I’ve been back in Westminster this last week after the long Summer recess, and it’s been back to business as usual in more ways than one.
Following the Referendum, a debate was held in the Commons last Tuesday, which quickly became dominated by the so-called West Lothian question, namely the fairness of Scottish, Welsh and Northern Irish MPs voting on legislation that applies only to England, and on which the devolved parliaments legislate in their respective countries.
‘English Votes for English Laws’ has been the rallying cry, and I have quite a lot of sympathy with that view.
It can’t be right that I should be voting on, say, English policing, when equivalent decisions affecting policing in Scotland are made by MSPs in Edinburgh. I (along with my SNP colleagues) already abstain on such issues at Westminster, unless there are clear knock-on impacts on Scotland, but not all MPs from the devolved nations observe this self-denying ordinance.
Most people would agree that devolution has strengthened democracy in Scotland, Wales and Northern Ireland, and I think it’s important that decision making in England is brought closer to the people too. There were some interesting contributions on how that might be done on Tuesday from English MPs of all political persuasions.
But the real disappointment of the debate was how little time was dedicated to debating the extensive further powers promised for Scotland. Indeed, the party leaders who abandoned Prime Minister’s Questions in the week before the Referendum to make their celebrated ‘Vow’ to the people of Scotland didn’t even show face at the debate. How quickly they forget.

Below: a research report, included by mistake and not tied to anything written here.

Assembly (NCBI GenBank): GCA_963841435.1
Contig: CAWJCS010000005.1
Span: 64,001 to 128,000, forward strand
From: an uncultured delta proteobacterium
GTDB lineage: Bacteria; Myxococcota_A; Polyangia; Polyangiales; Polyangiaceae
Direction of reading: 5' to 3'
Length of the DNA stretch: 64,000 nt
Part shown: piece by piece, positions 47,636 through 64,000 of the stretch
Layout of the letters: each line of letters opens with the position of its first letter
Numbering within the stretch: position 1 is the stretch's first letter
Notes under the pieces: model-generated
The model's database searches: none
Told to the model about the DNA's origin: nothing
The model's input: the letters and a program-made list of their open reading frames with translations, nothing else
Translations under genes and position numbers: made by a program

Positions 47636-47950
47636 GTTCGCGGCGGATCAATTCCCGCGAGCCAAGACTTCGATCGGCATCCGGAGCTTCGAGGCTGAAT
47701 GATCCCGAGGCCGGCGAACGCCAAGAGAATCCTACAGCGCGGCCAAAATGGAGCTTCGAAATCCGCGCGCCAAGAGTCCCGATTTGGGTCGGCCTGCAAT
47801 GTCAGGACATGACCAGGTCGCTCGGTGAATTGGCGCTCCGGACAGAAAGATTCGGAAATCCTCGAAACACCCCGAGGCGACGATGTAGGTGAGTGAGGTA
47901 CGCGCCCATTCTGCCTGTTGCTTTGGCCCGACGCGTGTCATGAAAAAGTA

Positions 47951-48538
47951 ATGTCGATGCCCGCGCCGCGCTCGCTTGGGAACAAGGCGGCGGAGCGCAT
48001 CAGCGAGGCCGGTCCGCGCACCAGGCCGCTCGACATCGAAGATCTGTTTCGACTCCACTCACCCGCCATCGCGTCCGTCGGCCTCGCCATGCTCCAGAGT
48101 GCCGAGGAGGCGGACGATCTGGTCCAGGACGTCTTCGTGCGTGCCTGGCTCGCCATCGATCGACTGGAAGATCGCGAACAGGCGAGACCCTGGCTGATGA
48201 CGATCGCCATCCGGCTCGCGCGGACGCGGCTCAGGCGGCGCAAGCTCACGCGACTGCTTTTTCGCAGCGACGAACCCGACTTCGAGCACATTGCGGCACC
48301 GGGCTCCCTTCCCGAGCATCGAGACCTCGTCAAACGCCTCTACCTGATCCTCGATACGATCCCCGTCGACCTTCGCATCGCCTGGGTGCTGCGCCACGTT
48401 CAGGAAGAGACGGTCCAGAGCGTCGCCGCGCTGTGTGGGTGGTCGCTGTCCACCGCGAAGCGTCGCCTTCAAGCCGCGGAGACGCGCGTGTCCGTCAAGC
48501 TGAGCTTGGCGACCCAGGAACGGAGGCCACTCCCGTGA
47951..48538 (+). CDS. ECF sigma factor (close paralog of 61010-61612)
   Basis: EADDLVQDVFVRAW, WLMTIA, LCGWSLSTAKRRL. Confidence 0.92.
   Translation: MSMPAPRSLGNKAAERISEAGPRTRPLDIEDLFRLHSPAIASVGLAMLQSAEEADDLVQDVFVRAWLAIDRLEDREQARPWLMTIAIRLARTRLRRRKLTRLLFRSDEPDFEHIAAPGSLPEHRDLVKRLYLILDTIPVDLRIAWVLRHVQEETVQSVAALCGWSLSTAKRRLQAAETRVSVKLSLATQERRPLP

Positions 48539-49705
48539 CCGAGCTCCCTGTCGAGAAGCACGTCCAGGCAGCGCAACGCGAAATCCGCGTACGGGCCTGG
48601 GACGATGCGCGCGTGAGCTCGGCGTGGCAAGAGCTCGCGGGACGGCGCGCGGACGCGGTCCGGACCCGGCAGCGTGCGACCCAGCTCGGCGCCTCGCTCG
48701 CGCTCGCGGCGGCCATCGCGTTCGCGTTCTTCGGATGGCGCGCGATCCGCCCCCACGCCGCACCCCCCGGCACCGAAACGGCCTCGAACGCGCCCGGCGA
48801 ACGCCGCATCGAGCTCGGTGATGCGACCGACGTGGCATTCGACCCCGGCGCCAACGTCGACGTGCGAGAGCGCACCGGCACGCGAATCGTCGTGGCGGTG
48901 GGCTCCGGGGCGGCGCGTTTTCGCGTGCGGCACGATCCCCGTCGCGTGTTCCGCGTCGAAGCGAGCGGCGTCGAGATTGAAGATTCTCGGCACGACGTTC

Nevertheless, change is underway. The Smith Commission, established to determine the ‘extensive new powers’ for Scotland, has already received submissions from the political parties. While the outcome will fall far short of independence, it has the potential to bring new powers to Scotland that can improve our society and economy.
For me, the test of the Commission’s proposals will be whether they contain the powers to create jobs and boost our economy, build a fairer society, and improve Scotland’s voice in the European arena. All this can be achieved short of independence. It’s also important that the process is not dominated by politicians, and I’d encourage civic organisations and individuals to make their voices heard.
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